Some century-old chemistry could have a strong impact on important issues in biosensors and other nanotech devices, according to a Purdue University research group.
A team led by Alexander Wei has shown that amines, a large and important class of organic molecules, when mixed with carbon disulfide, can bond to gold more robustly than thiols, which are commonly used materials for giving new functions to metal surfaces. Gold surfaces are often used as baseplates of sensors and in nanomaterials, and scientists have been searching for stable organic coatings they can attach to gold to form an interface between the organic and inorganic worlds. The group’s findings suggest that amines may be the best candidate group of such materials.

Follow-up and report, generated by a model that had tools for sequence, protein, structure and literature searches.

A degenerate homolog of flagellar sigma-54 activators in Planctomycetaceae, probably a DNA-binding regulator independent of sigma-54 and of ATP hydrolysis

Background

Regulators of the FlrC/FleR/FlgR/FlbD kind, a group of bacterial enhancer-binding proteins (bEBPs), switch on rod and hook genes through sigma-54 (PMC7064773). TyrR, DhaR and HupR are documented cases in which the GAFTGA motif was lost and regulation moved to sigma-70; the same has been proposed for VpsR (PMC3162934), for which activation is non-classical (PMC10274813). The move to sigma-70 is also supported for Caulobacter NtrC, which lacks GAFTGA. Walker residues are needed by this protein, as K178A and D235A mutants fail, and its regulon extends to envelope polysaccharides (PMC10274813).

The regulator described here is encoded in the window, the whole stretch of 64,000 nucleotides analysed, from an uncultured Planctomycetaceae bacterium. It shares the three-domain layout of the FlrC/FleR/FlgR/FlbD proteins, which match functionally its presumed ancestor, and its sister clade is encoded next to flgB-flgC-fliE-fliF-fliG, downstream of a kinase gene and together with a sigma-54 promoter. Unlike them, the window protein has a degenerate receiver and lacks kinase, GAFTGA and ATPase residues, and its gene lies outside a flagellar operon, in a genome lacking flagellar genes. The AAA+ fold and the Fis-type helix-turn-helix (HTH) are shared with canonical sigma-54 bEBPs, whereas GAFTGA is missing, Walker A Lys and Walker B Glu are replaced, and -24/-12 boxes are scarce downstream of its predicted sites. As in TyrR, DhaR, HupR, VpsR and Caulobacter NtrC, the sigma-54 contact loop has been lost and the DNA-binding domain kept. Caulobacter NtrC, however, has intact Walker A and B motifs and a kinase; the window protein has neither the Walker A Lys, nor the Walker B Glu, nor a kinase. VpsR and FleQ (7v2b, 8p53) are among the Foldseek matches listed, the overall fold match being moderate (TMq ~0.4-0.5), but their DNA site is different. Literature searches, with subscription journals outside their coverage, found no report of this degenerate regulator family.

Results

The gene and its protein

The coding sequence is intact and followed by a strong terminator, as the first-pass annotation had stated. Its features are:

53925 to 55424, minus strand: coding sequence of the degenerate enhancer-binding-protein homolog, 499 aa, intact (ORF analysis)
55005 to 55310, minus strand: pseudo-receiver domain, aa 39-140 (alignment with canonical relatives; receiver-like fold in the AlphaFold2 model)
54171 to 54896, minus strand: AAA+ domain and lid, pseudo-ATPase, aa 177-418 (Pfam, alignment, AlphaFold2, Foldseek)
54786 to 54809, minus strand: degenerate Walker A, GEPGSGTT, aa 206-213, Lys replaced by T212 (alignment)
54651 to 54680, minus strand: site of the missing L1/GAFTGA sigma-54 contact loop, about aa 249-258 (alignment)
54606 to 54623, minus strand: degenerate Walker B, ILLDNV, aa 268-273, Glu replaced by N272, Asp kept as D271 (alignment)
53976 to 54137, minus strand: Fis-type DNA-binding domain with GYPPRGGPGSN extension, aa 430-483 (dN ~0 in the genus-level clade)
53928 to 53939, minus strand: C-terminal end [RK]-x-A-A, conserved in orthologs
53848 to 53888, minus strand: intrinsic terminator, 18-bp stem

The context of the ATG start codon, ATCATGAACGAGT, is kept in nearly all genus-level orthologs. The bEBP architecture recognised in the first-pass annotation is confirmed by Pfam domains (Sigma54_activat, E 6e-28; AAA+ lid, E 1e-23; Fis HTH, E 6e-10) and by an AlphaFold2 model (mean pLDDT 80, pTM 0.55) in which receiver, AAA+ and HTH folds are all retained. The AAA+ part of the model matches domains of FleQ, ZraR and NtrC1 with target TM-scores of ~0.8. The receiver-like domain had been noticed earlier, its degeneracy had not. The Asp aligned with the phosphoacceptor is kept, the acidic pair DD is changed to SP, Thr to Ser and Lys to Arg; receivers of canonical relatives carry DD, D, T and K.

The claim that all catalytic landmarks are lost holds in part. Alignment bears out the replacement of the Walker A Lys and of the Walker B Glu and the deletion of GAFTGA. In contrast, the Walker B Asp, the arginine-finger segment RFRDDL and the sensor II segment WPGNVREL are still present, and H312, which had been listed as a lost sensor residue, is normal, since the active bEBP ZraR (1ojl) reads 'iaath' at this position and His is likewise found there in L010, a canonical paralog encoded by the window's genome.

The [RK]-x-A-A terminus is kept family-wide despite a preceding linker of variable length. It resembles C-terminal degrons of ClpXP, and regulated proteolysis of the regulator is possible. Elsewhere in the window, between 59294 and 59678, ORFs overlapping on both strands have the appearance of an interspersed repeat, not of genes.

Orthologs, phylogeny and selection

"Amines could allow us to expand the range of molecules which can be incorporated into sensors for the biotech field," said Wei, who is an associate professor of chemistry in Purdue’s College of Science. "Amines react with carbon disulfide to form dithiocarbamates (DTCs) and appear to be better suited for coating surfaces than thiols, which have been the standard thus far. The DTC chemistry itself has been around for over 100 years, but we think it can offer many opportunities for current applications in biosensors and nanotechnology."
Chad Boutin | EurekAlert!
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